Peru Makes Progress Against Illegal Mining

Peru Makes Progress Against Illegal Mining

By Dialogo
June 19, 2013

LIMA, Peru – The Peruvian government has deployed reinforcements in the fight against illegal mining, which causes the Treasury losses of $500 million Peruvian soles (US$183 million) annually, more than three times the $159 million soles (US$58 million) the Interior Ministry invests in equipment and upgrades for the country’s National Police.
The activity is more profitable than narco-trafficking. Illegal gold mining generates US$1.8 billion, while drug trafficking generates US$1.2 billion a year, according to the 2012 report by the consulting firm Macroconsult titled “The Economics of Illegal Gold Mining in Peru.” Gold accounts for a majority of the illegal mining in Peru, yet copper, silver and non-metallic minerals such as coal also are illegally mined, according to the Ministry of the Environment.
To continue the process of formalizing all forms of mining nationwide, which began in February 2012, Peruvian authorities appointed retired Col. Wilfredo Álvarez Mendoza as the high commissioner for mining formalization, illegal mining interdiction and environmental remediation.
Álvarez Mendoza also will coordinate a team focused on closing illegal mines throughout the country.
“It is estimated that in Peru there are 100,000 informal miners, including more than 70,000 of whom are interested in taking part in the formalization process,” Juan Jiménez Mayor, the president of the Council of Ministers, said during Álvarez Mendoza’s appointment on May 6.
Illegal mining is present in 21 of Peru’s 25 departments, according to the report “The Management of the State versus Informal and Illegal Mining in Peru,” which was presented in February by the Office of the Ombudsman. In addition to economic losses, there are serious social and environmental impacts, particularly in the Amazon region.
“It’s most likely there [in the Amazon], particularly in the departments of Madre de Dios, Cusco and Puno, where the worst effects have been seen,” said Ernesto Ráez Luna, an adviser to the Ministry of the Environment’s senior management. “It is the main enclave of illegal gold mining in Peru.”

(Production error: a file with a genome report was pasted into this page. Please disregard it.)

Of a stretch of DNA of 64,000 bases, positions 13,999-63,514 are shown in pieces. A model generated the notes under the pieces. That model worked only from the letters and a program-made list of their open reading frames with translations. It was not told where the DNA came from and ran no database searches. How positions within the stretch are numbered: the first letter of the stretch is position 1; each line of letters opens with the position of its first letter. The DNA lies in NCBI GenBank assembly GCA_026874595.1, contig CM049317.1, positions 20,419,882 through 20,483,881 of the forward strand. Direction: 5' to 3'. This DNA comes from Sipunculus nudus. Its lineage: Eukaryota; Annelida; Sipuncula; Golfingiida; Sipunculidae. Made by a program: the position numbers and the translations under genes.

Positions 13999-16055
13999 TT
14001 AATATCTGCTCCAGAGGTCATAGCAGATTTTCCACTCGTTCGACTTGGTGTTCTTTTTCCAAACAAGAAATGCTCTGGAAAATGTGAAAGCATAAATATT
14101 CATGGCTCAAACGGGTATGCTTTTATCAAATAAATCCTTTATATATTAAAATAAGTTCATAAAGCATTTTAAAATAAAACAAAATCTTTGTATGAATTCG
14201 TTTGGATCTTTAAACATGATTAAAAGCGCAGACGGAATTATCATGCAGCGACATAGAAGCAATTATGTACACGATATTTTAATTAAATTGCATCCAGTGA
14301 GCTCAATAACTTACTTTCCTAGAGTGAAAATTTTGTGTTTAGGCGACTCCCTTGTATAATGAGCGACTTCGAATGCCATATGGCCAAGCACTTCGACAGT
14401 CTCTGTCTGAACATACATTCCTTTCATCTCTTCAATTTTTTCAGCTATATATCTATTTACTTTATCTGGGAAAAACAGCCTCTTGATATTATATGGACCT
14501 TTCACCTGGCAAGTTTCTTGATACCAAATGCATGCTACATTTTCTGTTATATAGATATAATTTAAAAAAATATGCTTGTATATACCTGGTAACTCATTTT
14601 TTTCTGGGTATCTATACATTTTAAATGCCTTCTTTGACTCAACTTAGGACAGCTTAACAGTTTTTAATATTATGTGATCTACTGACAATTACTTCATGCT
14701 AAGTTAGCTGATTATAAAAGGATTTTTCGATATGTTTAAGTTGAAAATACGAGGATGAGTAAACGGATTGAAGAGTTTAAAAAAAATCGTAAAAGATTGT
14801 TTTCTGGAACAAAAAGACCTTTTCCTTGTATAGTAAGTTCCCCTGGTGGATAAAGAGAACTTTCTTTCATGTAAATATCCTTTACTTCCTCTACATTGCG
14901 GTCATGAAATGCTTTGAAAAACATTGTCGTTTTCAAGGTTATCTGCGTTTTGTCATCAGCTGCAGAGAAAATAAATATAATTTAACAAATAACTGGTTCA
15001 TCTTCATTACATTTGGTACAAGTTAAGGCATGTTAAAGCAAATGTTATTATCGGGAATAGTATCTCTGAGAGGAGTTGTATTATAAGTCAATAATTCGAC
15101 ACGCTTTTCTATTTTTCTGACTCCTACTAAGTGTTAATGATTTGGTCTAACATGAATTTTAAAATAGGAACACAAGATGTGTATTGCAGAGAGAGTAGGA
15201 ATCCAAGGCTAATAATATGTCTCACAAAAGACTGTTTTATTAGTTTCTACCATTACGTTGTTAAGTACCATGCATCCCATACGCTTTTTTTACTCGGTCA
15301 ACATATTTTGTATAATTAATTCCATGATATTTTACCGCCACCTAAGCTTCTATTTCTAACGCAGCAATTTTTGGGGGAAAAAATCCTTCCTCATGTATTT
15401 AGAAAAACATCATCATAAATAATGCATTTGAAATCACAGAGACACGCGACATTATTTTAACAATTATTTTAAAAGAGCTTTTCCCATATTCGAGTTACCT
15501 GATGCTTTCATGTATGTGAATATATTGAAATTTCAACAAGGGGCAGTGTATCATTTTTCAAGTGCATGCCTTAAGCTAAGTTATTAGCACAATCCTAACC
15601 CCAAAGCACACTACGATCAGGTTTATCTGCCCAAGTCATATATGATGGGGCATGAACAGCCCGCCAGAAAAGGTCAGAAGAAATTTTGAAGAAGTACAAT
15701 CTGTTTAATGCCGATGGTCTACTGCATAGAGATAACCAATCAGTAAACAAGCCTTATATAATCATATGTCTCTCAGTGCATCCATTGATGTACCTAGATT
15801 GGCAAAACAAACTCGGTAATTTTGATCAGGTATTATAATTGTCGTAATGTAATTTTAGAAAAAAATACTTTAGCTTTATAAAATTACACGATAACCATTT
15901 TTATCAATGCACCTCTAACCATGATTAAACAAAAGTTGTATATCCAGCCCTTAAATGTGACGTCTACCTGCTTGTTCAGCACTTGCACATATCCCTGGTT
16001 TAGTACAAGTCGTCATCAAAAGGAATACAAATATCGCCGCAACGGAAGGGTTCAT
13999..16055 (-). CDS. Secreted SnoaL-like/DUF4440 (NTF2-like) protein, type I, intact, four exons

New dangers

“The risk we run is that to protect itself, illegal mining will begin to be used to finance armed groups, which we have seen in Colombia,” said Environment Minister Manuel Pulgar-Vidal in a May 11 interview with El Comercio newspaper’s Somos magazine. “We’re close to having this happen.”
To date, the illegal alluvial mining of gold has destroyed 18,000 hectares of a total of about 77 million hectares of the Peruvian Amazon – 57.6% of the country – largely as a result of the use of mercury, according to Ráez Luna.
The fish in Madre de Dios – the region most affected by illegal gold mining in Peru – have mercury levels above those permitted by the Word Health Organization, according to a study carried out in 2009 by the Carnegie Institution for Science. In some cases, levels have reached 1.12 ppm (parts per million), well above the 0.5 ppm limit.
“Methylmercury has been detected in the waters contaminated by illegal mining,” Ráez Luna said. “This compound is highly toxic and easily enters into living organisms such as plants, animals and human beings. It mainly affects the nervous system, with serious consequences for the mental development of children.”
The damage caused will not immediately result in a hospital visit, Ráez Luna added, but it leads to children’s “having an IQ that is five, 10 or 15 points lower than they would have had in optimum environmental conditions.”